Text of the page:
Vice Chancellor for Student Affairs Don Mills said the university was on heightened security alert Tuesday because of an incident at a University of Texas at Austin library.
According to a UT Austin alert update on the campus website, a suspected gunman fired shots on the UT Austin campus before he was found dead on the sixth floor of the Perry-CastaÃÂ±eda Library from an apparent self-inflicted gunshot wound.
Mills said campus police were at a heightened awareness because of the potential for copycats, but no current threat had been identified on campus.
In the event of the sighting of an active shooter on campus, TCU Police have been trained to isolate the shooter while taking precautions to ensure that no other individuals would be locked in with the shooter, Mills said.
“I know that after the Virginia Tech shooting we talked about it, and that’s when we made sure our officers were trained and ready to stop a shooter,” Mills said.
TCU Chief of Campus Police Steve McGee said TCU Police were prepared and trained to respond to active shooters. He said TCU Police had plans in place regarding how to respond to a situation such as the one on the UT Austin campus.
He also said immediately entering the building to neutralize the threat and contacting local jurisdiction for help were two ways he planned to respond in case the same emergency were to occur on campus.
“We are looking for suspicious people and things like this constantly,” he said.
He said the TCU Police team also relied on students, faculty, staff and resident assistants to identify somebody acting suspiciously.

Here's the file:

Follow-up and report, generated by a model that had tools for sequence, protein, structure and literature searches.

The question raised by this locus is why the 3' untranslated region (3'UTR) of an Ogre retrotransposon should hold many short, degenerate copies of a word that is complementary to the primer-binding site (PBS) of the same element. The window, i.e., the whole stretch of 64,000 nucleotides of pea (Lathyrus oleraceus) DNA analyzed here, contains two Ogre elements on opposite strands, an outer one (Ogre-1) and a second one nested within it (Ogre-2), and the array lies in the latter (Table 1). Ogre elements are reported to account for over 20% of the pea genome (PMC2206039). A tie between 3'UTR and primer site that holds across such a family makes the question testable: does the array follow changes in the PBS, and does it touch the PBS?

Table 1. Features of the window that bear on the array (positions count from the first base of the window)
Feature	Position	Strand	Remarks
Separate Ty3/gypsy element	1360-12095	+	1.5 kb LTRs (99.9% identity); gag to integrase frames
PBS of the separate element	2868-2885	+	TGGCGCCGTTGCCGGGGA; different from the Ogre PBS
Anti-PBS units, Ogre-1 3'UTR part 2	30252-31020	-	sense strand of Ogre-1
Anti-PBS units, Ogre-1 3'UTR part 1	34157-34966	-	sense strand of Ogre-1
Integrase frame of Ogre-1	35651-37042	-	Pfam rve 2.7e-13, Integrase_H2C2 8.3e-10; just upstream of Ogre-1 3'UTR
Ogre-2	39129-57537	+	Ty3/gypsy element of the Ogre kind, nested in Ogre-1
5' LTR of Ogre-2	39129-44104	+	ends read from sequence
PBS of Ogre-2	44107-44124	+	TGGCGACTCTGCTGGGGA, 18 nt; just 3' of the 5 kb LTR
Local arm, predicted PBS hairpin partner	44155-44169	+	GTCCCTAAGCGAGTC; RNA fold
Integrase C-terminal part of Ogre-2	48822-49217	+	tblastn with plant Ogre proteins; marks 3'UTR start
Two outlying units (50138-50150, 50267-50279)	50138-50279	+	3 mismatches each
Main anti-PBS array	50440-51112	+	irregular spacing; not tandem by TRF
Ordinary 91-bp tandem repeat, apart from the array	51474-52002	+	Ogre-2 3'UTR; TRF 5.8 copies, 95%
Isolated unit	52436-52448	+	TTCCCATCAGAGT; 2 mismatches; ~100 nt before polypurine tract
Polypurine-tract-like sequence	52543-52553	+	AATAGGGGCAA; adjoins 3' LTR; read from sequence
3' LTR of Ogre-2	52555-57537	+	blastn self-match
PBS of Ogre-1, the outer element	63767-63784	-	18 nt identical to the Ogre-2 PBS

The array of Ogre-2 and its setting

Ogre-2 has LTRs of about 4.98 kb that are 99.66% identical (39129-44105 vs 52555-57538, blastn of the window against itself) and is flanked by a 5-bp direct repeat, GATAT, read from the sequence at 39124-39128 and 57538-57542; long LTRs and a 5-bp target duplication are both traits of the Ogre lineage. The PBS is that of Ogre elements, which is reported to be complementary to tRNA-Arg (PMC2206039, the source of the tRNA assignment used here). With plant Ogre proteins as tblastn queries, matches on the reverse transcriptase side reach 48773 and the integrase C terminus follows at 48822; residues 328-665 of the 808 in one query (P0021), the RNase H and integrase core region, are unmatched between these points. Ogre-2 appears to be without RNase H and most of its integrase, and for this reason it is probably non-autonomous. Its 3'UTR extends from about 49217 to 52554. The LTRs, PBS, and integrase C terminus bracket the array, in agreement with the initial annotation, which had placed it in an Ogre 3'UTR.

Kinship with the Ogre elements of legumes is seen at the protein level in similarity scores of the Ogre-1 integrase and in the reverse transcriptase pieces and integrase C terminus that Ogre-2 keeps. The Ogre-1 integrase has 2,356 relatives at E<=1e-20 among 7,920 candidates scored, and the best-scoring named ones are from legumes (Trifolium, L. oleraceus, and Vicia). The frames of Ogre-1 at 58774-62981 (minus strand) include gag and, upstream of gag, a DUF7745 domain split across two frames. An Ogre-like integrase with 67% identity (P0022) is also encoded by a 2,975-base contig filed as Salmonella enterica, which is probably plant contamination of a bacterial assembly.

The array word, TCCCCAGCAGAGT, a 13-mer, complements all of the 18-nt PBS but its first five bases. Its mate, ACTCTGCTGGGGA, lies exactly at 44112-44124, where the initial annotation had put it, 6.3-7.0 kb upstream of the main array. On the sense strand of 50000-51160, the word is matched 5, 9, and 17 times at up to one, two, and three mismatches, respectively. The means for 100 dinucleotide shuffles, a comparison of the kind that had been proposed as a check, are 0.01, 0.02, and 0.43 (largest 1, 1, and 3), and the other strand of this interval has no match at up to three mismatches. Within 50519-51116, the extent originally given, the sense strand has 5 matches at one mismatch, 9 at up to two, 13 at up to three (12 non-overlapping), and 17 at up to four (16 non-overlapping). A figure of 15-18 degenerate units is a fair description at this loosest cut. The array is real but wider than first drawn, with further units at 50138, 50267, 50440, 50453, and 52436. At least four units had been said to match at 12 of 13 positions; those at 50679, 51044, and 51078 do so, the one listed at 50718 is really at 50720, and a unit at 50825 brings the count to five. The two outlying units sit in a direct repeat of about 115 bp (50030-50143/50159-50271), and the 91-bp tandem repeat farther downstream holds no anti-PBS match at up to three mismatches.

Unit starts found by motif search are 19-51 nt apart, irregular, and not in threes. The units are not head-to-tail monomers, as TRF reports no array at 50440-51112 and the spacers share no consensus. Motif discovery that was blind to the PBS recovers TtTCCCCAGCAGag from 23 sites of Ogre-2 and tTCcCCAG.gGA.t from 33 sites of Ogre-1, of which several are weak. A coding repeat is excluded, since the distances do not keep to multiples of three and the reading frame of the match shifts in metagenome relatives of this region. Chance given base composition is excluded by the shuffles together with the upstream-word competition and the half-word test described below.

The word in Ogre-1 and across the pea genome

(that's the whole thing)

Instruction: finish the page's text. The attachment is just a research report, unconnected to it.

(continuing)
He said the best way to prevent an active shooter was to get troubled people help before it came to that point.
“Our goal at TCU is to try to get to the people before they get this far along where they think there’s no other way out but to use a gun and either kill themselves or other people,” he said.
Mills said when there was a close connection like the one between some university students and those at UT Austin , they increase awareness and alert levels.
He also said students would be notified of such an incident through TCU ALERT, a system that sends e-mails and text messages to students when they need to be notified of something immediately.
Mills said incidents like this were the reason the university wanted everyone to sign up for TCU ALERT and not just for weather alerts.
“We want to be sure, when we do use TCU ALERT, it’s something people will look at,” Mills said.
Director of Communications Lisa Albert said students should utilize other forms of communication from the university besides TCU ALERT.
“I think it’s important for students to know that while they would get text messages in a situation like that. We encourage them to rely not only on that, but also on the website, recorded information line and the various sources of ways that we communicate,” Albert said.
The university also posts information to its website, Facebook and Twitter. In the instance of a shooter, Mills said it was best to dial TCU Police because they are trained to deal with the situation.
During an emergency, TCU Risk Management stresses the importance of communication. Risk Management suggests students do four things to help the university:
- Call TCU Police instead of 911 when an emergency situation arises on campus. This will lead to a quicker response time because of the proximity of officers to campus. TCU Police can be reached at 817-257-7777 or by dialing extension 7777 from any TCU phone line.
- Students should update emergency contact information on file in order to aid the university in contacting family members in case of emergency.
- Students should call home to let their family members know they are safe. This is to prevent a flood of incoming calls if an emergency occurs on campus or in the surrounding areas.
- Students should inform their families where they will be if they should choose to leave campus during an emergency, but will not be returning home at that time.
For more information and more detailed instructions visit www.saf.tcu.edu/